I did a detailed signal analysis of the Crab Pulsar (PSR B0531+21) data file and posted it to my baudline blog.
A strange amplitude modulation, hydrogen has sidebands, two pairs of identical drifting-random-walking signal twins, and cue the Baby Elephant Walk because they're back at 1/3, 2/3, 3/3 with a whole lot of lower level structure.
The strange amplitude modulation visible in both the spectrogram and waveform displays is unique to this data set. This is something new. It has a period of 3.489 seconds. Any idea what is causing it?
I have just sent to JRSETI a document which shows that there is a good chance that what you are seeing here is the effect caused by the immaturity of the Crab Pulsar; it is less than 1000 years old, and I believe that the remnant has yet to reach equilibrium and not only is it flashing its pulses once/twice a revolution, the remnant is actually still oscillating in size. I believe that if you analyse the data over the complete 10minutes (which I did by breaking the supplied files into SETISecond blocks, then averaging each block, to end up with 609 samples of the Crab intensity taken at 1 SETISec intervals) it shows some interesting results. I don't know how to attach pictures to these contributions, but the results suggest that the polar axis is oscillating at slightly higher frequency than the equatorial axis, generating a very characteristic envelope to the time domain intensity distribution. The Fourier transform shows an interesting spike at 3.5 seconds per cycle, which is slightly broadened, which is what you would expect from a relatively solid object which has a different but close polar frequency to equatorial frequency
I have asked JRSETI either to put the document up here if someone knows how to include pictures, else send you a copy (Would have done it myself but I don't know your EMAIL address)
The Crab Pulsar is in the news again:
Researchers have discovered that the Crab Pulsar is emitting gamma rays at energies much higher than expected. This quote sums up why this is important:
"The results are surprising: in contrast to expectations, the pulses are visible at energies of 100GeV and beyond, casting doubt on our current models for how pulsars work."
Dave Robinson has a blog about at http://setiquest.org/blog/low-frequency-analysis-crab-pulsar-data. What is the reason for these low frequency oscillations?
The direction I came to the conclusion that the Crab remnant might be oscillating was thinking about the way that the remnant formed, when the original star went SuperNova it formed a shock wave which has the effect of massively compressing the core of the star - not too unlike the way that laser fusion compresses the fuel pellets - however in the case of the Super Nova there is little or no fusionable material left in the core. What happens after the shock wave has dissipated, I figured that if there is no force continuing the collapse, then the core would probably start to re-expand slightly; providing that the core wasn't so big that it had become a black hole, in which case re-expansion is out of the question. I imagined a balancing act where finally the neutron star would reach equilibrium, where the internal pressure exactly matched the gravitational pull, but I felt it unlikely that the remnant would reach this state immediately, and would oscillate in a damped fashion about this equilibrium position. Of course I have no idea how rapid the oscillation would damp down completely, but felt that there was just a chance that in less than 1000 years, it might still be happening in the Crab remnant. Again I have no idea what the characteristic frequency of a a neutron star might be; so nothing ventured nothing gained, I decided to look to see if there was any evidence for such an oscillation, and to my great surprise, there was this 3.5 second oscillation and the much slower envelop oscillation. Fourier Analysis of the data showed that the slower oscillation was a phantom, there is no component at that frequency, and thus must be caused by multiple frequencies about the 3.5 second period; hence my Blog.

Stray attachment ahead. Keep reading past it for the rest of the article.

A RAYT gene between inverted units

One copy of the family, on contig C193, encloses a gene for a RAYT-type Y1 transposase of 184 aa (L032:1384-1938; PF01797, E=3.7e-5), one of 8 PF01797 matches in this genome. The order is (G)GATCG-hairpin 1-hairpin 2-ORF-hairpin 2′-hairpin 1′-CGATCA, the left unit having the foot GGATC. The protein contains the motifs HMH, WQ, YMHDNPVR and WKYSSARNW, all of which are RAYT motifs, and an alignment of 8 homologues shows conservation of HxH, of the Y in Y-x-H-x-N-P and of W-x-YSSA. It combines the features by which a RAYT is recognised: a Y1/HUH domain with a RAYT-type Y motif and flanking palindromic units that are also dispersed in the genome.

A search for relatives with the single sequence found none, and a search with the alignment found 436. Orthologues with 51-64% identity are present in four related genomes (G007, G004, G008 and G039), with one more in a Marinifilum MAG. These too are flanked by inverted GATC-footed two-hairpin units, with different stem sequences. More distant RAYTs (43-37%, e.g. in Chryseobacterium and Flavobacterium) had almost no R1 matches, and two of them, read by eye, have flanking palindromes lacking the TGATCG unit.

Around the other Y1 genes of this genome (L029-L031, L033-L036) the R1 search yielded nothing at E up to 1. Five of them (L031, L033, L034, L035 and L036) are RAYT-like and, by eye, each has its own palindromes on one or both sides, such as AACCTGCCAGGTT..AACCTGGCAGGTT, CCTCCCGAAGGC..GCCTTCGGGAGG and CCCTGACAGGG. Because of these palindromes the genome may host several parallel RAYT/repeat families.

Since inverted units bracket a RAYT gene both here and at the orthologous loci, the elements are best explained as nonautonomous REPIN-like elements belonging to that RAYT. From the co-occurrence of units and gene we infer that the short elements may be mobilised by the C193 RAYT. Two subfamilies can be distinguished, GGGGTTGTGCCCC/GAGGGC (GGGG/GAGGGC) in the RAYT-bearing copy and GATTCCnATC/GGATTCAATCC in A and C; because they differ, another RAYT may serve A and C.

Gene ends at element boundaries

Sigblips is of course right, we must apply the same processing to the other Crab data sets. Alas I have exhausted my monthly allowance, and can't afford to download any more data, until November . But in line with all good scientific theories we can make a prediction; if the Crab is vibrating in the proposed fashion, then the effect will still be there, if it is an instrument fault, it probably won't be.
I looked at the other Crab Pulsar datasets with baudline and commented here:
a much more efficient analysis than I could have generated, as I only have the one set of Crab pulsar results; and with my limited download allowance, it would have taken several months to get the full set from one of the other Crab acquisitions.
Well you have shown that the Crab isn't oscillating, which suggests that there is either an instrumental problem, or I guess interference from another source. It seems a very low frequency for an instrumental fault - although having said that I once had an 'amplifier' that oscillated with a period of about 4 hours, that was a real problem to track down. It looked all the world like the DC level was drifting, maybe with temperature, which led me on a real wild goose chase I don't mind telling you.
I had started a similar analysis of the psrb0329+54 pulsar based on the assumption that if it was an oscillation, this older Pulsar would either have had time to reach equilibrium, else would have oscillated at a much lower level; but you seemed to have saved me a lot of effort. The only problem now is knowing that this Crab sequence has this 3.5 second artifact, how reliable is the higher frequency data?
Keep up the good work